All good things must come to an end. And so it was that the last UK legof Bloc Party’s much-anticipated comeback tour rolled into Cambridge.Greeted by an eerily-lit blue backdrop, 1,800 fans piled into Corn Exchange for the climaxto Bloctober.
Theme Park provided a nice warm-up for the faithful – some of theirsongs are already radio-recognisable, and it was good to see new talentgetting a warm reception. Nevertheless the fans, after waiting for twoyears, were here for one thing only. Stoked by anticipation, theopening was magical. Multicoloured lasers and a low bass whipped the crowdinto a frenzy before Kele Okereke and his gang emerged, launching into a couple ofnewer numbers, but it wasn’t until they reached into their back cataloguethat things really kicked off.
Despite Kele’s occasional ribbingof ‘new’ fans unfamiliar with the older material, said newcomers seemedthin on the ground. Hunting for Witches, against a Halloween-greenbackdrop, went down a treat. Slightly underwhelming guitar levels andfluffed lyrics were more than made up for by a crowd determined to singalong no matter what. Meanwhile, Positive Tension launched a mosh pit thewidth of the auditorium, while Song For Clay emptied pretty much every pintglass in the building.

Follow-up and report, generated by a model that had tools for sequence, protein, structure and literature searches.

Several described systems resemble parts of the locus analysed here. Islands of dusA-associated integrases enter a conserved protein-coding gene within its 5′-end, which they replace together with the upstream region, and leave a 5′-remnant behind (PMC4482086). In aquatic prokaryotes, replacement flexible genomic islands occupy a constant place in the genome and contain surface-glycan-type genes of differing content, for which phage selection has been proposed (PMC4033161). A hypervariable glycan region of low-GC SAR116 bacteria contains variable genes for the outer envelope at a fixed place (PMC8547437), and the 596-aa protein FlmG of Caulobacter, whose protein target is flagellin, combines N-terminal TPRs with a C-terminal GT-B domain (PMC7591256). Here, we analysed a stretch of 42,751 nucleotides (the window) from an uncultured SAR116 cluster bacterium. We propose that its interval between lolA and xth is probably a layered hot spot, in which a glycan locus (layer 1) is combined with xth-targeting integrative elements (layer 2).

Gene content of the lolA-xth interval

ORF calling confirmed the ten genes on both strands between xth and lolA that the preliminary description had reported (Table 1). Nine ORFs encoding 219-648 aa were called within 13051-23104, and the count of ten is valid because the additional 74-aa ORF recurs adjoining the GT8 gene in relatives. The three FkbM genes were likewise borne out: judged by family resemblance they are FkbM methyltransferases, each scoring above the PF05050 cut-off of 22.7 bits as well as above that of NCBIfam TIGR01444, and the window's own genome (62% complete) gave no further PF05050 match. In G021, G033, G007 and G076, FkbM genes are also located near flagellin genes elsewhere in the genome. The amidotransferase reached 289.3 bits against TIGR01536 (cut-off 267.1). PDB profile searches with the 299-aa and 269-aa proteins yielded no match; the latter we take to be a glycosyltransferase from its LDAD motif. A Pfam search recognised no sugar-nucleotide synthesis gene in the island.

The new stuff went down reasonably well too. The bouncy, uplifting Real Talk suited Kele’s chilled style, and Octopusreached a comfortable performance. Most importantly, Kettling was nothingbut huge. The clear fan favourite from new album Four, it even hadthose in the VIP boxes moshing. The only slight distraction wasthe band’s bizarre stage presence. Kele was so laid back and confident itseemed he didn’t realise there was anybody else in the room. Yet a few feetto his left, Russell Lissack on guitar was uptight, intense and earnest. It waslike watching two bands at once.
Yet ultimately, the music wasgood and the fans got into it. A magnificent second half, comprising ThisModern Love, a version of Flux which smuggled in some Rihanna, andHelicopter for an encore, whipped the crowd up to fever pitch. Bloc Partystill have it – look out for them next summer, their presence could well bethe highlight of any festival.